3. Must be a good week for Dryden. The eyesore at 76 West Main Street has been sold and has a construction loan approved to finish renovations. The Ithaca Voice article I did on the reno is here. I toyed with the idea of calling Dryden mayor Reba Taylor for a quote, but I figured I’d get a very generic statement it any at all, and in the interest of time the idea was shelved. I might get a response to one-third of the calls I make regarding development/real estate stuff, which can be frustrating but I’ve gotten used to it.
4. The Times’ Josh Brokaw brings out an update on the latest State Street Triangle news. The important details:
– CTB has agreed to take one of the commercial spaces. No word on how that would affect the North Aurora Street location a couple blocks away.
– The planning board didn’t have many words; One member suggested the curve portion was “too flat” and an arcade on the first floor (not the video game kind, but the archways over a walkway kind). A second brought up affordable housing, which the developers have given consideration, but isn’t in the current plan.
– In favor: the director of Cinemapolis, other developers, CTB’s owner and students. Not in favor – the head of Historic Ithaca, and councilman George McGonigal – who opposed the Stone Quarry Apartments, the waterfront rezoning, 210 Hancock and thinks the city can make Cornell build dorms. The Times has called him out as “anti-urban”. If a councilperson outside the first ward speaks out, it’ll get a lot more credence on this blog.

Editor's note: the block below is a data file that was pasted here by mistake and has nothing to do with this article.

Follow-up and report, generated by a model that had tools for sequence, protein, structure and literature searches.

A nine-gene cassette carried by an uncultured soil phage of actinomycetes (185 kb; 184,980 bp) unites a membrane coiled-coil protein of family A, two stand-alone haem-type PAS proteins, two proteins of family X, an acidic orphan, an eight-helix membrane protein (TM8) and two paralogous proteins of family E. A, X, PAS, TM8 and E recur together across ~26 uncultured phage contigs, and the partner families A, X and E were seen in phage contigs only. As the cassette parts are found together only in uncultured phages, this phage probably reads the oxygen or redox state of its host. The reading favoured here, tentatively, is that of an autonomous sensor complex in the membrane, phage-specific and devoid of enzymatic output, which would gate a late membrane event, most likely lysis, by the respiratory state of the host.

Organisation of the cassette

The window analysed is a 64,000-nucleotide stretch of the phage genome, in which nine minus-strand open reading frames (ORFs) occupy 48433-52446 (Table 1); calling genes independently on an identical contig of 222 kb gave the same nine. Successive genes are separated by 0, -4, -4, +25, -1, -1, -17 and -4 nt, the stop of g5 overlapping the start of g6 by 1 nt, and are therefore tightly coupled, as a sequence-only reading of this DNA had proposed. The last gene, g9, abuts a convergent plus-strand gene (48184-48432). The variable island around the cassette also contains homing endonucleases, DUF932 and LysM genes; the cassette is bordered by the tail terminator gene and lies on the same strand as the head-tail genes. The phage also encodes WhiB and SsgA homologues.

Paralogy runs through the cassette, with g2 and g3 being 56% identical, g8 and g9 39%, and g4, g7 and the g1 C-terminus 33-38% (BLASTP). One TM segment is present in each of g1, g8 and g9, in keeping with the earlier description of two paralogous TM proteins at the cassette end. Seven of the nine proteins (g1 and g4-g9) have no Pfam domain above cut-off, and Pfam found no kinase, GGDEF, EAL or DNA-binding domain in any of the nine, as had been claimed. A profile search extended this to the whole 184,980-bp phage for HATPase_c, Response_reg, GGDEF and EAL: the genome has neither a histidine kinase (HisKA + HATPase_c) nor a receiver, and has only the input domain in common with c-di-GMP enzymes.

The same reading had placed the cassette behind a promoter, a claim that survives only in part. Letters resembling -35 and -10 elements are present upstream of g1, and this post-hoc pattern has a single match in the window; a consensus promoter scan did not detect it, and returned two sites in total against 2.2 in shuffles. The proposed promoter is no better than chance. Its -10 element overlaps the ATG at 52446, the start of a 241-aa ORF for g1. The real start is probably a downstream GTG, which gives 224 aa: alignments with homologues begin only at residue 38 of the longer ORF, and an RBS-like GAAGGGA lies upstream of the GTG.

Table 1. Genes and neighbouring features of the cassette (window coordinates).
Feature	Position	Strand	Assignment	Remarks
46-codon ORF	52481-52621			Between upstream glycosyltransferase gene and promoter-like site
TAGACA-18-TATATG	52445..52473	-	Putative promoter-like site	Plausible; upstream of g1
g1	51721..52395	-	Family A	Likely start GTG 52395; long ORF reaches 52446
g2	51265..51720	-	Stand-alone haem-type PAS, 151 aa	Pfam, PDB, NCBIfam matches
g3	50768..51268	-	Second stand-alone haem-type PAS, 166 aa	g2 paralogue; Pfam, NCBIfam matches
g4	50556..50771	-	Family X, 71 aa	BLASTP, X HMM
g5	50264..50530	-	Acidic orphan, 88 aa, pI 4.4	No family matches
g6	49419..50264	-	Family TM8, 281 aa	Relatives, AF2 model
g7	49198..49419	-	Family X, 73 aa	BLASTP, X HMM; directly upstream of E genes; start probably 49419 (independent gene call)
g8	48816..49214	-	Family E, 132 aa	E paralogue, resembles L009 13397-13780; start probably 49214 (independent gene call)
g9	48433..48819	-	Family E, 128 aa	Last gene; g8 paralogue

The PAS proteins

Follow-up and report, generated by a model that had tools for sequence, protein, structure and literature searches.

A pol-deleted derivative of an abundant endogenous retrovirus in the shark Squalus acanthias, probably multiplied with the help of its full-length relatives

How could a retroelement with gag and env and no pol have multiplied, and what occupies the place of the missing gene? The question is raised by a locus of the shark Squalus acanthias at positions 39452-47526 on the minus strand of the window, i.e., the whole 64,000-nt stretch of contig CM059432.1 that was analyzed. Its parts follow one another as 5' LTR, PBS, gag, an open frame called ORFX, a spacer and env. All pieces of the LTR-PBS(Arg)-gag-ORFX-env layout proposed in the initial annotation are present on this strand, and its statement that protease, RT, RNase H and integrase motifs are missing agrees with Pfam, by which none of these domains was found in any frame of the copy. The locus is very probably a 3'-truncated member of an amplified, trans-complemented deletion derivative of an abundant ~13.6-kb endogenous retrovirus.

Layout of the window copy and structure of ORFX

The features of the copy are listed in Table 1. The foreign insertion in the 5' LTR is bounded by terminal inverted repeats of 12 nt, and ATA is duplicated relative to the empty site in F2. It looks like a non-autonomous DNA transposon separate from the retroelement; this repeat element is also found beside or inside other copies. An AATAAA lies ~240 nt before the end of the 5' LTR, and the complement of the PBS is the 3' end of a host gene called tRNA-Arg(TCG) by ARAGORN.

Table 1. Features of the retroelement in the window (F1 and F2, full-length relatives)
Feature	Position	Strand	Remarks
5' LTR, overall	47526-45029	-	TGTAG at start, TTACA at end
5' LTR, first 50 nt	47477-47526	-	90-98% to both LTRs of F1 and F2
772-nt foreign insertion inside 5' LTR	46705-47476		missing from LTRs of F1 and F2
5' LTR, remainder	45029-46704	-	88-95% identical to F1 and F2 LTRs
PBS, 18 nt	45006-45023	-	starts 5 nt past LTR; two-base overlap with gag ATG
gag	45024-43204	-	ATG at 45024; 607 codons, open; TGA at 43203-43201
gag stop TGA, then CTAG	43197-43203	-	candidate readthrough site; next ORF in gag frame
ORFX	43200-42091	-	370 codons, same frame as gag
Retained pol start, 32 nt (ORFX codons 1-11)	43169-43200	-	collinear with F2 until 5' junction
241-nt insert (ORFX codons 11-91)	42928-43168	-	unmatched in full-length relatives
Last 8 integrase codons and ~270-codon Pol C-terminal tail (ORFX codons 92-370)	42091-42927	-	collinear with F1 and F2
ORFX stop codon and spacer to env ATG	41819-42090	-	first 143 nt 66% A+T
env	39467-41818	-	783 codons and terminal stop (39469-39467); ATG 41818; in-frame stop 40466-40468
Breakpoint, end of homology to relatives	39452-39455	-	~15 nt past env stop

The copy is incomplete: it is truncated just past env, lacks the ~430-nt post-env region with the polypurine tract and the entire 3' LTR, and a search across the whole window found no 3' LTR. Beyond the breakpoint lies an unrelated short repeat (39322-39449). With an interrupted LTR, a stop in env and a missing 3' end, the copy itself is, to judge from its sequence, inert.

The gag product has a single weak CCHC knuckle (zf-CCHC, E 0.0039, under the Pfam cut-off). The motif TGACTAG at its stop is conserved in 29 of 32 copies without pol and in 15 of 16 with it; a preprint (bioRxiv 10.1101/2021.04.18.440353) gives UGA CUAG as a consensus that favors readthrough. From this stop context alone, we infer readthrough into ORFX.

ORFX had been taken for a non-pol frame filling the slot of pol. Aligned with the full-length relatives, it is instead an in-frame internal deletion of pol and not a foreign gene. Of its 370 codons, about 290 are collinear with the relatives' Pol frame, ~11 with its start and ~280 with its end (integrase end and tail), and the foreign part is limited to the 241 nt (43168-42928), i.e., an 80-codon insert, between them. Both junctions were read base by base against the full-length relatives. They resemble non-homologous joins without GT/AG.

5. The city and Cornell gave an interesting presentation about development to the Collegetown Neighborhood Council this week. City planning director JoAnn Cornish gave a rundown of what’s planned, included the 102 apartments 302-306 College Avenue (phases one and two shown above). This one might still be in the hopper, but don’t expect it to move forward anytime soon – the developers (the Avramis family) have rented out the houses to be demolished through May 2017. It also seems like that one building would be in the 2017-2018 time frame, the second 2018-2019. So these two mid-rises are quite a ways out, assuming they’re still in the works. Also, Fane’s 12-story proposal for 330 College is still dead, but something more modest may come forward someday.
On another interesting note, Cornell’s lead planner, Leslie Schill, said the university may be looking into turning Eddy Gate and the Sheldon Court plaza into green spaces to offset the lack of parks in the neighborhood. Cornell might also renovate the Ag Quad into a richer pedestrian experience.
6. The Carpenter Business Park purchaser continues to intrigue. A company called Carpenter Business Park LLC, using a P.O. Box ties to the Miller Mayer law firm, has bought two more parcels after buying the four unused land parcels in the Carpenter Business Park for $2.4 million last August. This time around, the LLC purchased a nondescript one-story commercial building at 742 Cascadilla Street, and a nearby tiny silver of land between the Palisades Corporation and Cornell U. Press buildings for $304,000. It’s not clear what the buyer is intended to do with all these properties (we know it’s not a big box store), but it’s definitely curious. If something comes up, it’ll be shared here.